Mark Kelly and Eric Doyle, this year’s overall winners at the BT Young Scientist & Technology Exhibition, have today scooped another top award in Bratislava, Slovakia, at the EUCYS, the EU Contest for Young Scientists.
They won for their project ‘Simulation accuracy in the gravitational many-body problem’, which already won over the judges at the young scientist competition in Dublin in January.
The two students developed an algorithm that looked at planetary motion and how to keep satellites on the right flight path during space exploration.
Kelly and Doyle built upon the work of the Irish mathematician Diarmuid Ó’Mathúna for their project. They had been students at Synge Street CBS in Dublin at the time.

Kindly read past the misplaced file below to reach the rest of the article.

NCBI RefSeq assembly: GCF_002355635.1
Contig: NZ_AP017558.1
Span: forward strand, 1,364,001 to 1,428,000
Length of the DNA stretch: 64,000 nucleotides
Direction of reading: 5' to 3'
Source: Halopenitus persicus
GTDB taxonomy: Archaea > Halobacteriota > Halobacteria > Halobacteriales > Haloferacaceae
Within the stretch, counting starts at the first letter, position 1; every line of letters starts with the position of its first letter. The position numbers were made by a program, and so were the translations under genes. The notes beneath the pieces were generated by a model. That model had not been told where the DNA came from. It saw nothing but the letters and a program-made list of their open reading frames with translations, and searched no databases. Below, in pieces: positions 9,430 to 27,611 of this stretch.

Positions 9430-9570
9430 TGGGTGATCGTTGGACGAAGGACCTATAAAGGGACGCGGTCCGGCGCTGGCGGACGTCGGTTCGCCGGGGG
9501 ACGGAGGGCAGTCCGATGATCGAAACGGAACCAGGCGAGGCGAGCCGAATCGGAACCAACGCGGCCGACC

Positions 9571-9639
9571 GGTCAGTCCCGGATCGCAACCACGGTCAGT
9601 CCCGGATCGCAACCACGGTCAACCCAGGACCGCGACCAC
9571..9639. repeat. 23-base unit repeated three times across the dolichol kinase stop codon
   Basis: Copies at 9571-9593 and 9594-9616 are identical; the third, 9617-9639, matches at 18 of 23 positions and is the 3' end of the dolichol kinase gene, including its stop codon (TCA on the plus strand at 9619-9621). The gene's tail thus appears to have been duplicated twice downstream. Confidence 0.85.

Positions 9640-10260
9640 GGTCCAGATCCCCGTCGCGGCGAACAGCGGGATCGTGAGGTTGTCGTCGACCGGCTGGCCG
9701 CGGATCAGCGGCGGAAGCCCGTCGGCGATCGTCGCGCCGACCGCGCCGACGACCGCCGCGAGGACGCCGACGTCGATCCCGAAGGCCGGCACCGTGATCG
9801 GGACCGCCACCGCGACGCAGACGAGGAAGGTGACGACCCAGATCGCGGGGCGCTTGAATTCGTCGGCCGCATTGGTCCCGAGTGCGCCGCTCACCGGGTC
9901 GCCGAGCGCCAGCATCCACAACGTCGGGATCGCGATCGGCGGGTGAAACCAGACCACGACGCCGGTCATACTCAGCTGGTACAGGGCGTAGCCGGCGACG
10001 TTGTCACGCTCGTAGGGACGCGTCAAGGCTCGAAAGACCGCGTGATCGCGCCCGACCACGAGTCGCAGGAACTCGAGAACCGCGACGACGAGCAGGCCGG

Today, the two were one of three teams that won first prizes at the EUCYS contest, the annual competition for young scientific minds.
Máire Geoghegan-Quinn, the European Commissioner for Research, Innovation and Science, congratulated Doyle and Kelly on their win.
"Their work on simulating how objects respond to gravity in certain environments could have many practical applications, not least in space exploration," she said. "Their project builds on the ground-breaking work of Diarmuid Ó’Mathúna, a great Irish scientist who has clearly inspired the next generation."
Kelly is now planning to study science at University College Dublin, while Doyle is heading to Trinity College Dublin to study theoretical physics.
The other two top prizes went to teams from Poland and Austria for projects in chemistry and engineering. This year’s competition attracted 117 contestants aged between 14 and 21 from 36 countries. The European Commission set up the EUCYS in 1989.
Watch this video interview with Eric Doyle and Mark Kelly, following their win at the 2012 BT Young Scientist & Technology Exhibition.